Retired Rear Adm. Richard C. Williams Jr., a Baltimore native who was highly decorated for combat action in World War II, died Thursday at Emory University Hospital in Atlanta. He was 80.
Services will be held 3 p.m. Monday at St. Mark's Episcopal Church in Hagerstown. Burial will be in the church cemetery.
Adm. Turner, who was born and reared in Baltimore, was a 1932 graduate of the U.S. Naval Academy.
He was the commander of two vessels in the Pacific during World War II. He was awarded the Silver Star, the nation's third-highest combat decoration, and the Bronze Star, Navy Distinguished Service Medal and Order of the British Empire.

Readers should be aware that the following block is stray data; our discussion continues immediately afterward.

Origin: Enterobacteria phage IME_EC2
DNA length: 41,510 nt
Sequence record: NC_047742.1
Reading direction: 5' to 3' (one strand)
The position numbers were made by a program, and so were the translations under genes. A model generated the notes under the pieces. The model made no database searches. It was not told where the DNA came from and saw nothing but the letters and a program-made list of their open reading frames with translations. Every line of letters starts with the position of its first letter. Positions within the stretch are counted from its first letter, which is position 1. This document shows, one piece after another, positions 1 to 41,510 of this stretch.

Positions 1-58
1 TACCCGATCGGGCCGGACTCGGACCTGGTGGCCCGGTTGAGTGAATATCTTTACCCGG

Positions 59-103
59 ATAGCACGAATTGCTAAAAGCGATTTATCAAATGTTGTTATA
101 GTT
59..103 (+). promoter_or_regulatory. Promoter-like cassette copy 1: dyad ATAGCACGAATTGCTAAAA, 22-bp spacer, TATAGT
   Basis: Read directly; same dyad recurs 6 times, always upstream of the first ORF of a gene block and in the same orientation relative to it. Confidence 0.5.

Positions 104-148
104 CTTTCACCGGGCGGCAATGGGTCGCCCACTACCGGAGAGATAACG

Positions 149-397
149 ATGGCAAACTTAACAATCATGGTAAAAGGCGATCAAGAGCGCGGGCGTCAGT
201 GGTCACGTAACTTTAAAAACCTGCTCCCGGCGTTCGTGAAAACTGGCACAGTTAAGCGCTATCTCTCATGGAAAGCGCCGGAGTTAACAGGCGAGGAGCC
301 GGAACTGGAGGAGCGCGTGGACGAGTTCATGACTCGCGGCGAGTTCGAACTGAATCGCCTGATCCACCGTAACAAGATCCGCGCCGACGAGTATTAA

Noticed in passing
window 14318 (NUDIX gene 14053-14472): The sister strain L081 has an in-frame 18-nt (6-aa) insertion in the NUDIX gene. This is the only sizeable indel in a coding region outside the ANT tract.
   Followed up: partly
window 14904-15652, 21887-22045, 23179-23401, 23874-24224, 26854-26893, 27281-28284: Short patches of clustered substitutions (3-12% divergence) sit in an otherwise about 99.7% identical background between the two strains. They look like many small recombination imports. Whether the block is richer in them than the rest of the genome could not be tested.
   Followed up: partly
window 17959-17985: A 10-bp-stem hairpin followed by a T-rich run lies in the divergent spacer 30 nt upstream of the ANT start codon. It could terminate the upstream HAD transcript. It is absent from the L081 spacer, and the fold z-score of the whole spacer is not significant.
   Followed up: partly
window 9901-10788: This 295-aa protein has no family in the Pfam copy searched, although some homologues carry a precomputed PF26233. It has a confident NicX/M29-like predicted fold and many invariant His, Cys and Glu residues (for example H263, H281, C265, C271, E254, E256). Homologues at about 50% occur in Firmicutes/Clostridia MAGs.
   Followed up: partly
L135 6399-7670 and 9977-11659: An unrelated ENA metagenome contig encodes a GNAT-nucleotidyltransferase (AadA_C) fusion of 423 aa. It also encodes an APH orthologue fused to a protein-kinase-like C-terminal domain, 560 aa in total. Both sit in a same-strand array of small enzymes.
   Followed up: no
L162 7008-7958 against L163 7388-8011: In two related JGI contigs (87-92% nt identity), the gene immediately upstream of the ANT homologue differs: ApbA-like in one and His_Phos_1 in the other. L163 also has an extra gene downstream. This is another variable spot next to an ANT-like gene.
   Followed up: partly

Adm. Williams also served in hostile waters during the Korean War during which he commanded a group of U.S. and United Nations mine sweepers.
Following the Korean conflict, he earned a master's degree in engineering from Georgia Tech. He retired from the military in 1966.
Survivors include his widow, Josephine McCorkle Williams, of Decatur, Ga.; two daughters, Jane Glenn, of Greenville, S.C., and Anne Sherman, of Springfield, Va.; a son, Capt. Richard C. Williams 3rd of Norfolk, Va.; two sisters, Rosa Miller and Priscilla Miller, both of Baltimore; a brother, Thomas J.C. Williams of Virginia Beach, Va.; nine grandchildren; and four great-grandchildren.